Users no longer have to click on a link to have their system hacked. Now they only have to hover over the link with their on-screen pointer.
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"This would definitely make you snarf your coffee the first thing in the morning," says Beth Jones, senior threat manager at security firm Sophos, which warned of the attack on Tuesday.
Twitter shut down the attack -- which exploited a cross-site scripting issue in how the site handled mouse-over events -- by midmorning on Tuesday with a fix to its servers. The security flaw only affected users who viewed their Twitter feeds using a Web browser, not with third-party apps.
Yet, the typical lesson for users -- summed up as "be careful" -- does not apply. Many security-minded users already mouse over links to see where they lead before clicking on them. Moreover, while a lot of the twitterati use third-party apps, many feeds are inserted into websites. A visitor that moused over one of the links would have fallen prey to the issue as well.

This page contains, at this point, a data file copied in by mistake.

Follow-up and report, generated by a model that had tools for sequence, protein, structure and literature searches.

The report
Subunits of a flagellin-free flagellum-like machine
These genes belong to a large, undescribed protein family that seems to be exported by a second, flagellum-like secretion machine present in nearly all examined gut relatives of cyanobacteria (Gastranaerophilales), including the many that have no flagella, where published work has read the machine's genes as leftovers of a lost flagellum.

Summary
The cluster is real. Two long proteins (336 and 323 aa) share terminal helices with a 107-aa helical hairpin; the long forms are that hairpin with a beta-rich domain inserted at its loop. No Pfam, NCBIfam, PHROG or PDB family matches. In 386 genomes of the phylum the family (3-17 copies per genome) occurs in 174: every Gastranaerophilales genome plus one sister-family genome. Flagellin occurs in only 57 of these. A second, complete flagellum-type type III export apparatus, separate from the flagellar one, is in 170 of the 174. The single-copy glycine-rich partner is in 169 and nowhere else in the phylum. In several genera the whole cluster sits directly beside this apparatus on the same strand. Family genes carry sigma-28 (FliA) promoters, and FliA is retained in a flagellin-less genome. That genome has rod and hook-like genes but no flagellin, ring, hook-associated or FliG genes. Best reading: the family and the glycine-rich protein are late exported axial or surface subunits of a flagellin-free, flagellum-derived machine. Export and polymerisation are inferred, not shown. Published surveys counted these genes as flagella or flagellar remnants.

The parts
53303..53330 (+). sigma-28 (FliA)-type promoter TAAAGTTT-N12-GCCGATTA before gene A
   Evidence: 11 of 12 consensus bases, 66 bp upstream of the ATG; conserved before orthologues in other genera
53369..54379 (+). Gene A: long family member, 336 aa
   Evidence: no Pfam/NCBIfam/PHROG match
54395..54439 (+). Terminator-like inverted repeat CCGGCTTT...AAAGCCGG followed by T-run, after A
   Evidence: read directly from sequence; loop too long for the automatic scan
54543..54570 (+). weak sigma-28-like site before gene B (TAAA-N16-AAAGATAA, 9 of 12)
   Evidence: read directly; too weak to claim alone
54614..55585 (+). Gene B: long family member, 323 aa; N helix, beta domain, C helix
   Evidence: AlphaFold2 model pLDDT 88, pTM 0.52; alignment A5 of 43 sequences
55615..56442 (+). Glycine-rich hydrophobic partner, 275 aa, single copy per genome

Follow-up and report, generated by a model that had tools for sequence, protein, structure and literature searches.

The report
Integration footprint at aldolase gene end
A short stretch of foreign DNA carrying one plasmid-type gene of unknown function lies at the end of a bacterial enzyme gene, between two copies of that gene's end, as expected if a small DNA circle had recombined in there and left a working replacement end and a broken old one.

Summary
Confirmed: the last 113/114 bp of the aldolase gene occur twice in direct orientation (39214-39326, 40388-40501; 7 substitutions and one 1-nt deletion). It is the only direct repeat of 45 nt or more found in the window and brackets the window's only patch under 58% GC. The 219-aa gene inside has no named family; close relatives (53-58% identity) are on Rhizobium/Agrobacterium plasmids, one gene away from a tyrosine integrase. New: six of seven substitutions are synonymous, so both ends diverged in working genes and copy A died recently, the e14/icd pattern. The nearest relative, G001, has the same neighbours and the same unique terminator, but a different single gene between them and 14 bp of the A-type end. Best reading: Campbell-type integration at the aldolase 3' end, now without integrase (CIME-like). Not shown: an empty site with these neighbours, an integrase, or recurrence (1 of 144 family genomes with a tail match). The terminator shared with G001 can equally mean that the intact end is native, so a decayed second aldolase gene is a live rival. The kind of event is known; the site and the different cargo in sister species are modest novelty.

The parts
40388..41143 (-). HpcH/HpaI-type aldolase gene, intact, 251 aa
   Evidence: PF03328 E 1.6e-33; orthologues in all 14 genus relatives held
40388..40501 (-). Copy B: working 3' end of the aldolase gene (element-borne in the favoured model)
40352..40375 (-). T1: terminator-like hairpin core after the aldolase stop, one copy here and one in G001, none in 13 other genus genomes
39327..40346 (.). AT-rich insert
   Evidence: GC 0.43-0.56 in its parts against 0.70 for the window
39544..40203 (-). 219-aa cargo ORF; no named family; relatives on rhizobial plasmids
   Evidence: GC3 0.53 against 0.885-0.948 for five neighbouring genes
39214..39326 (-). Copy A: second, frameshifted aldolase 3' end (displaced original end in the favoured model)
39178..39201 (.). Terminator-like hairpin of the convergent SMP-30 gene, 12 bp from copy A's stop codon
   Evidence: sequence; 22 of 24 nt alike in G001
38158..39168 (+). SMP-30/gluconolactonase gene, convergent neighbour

So what's a user to do?
"Pretty much, unless you have locked down your browser, you are owned," she said.
This unfortunately continues a trend in that the choice for Internet users seems to increasingly be between usability and security. Every new attack puts pressure on the users to modify their behavior to make themselves more secure. Yet, like the security procedures at the airport, such measures always have a downside.
As Sophos' Jones remarked about her fully locked down browser: "No one likes to use it."
This article, "Lesson from latest Twitter attack: Don't hover?," was originally published at InfoWorld.com. Get the first word on what the important tech news really means with the InfoWorld Tech Watch blog.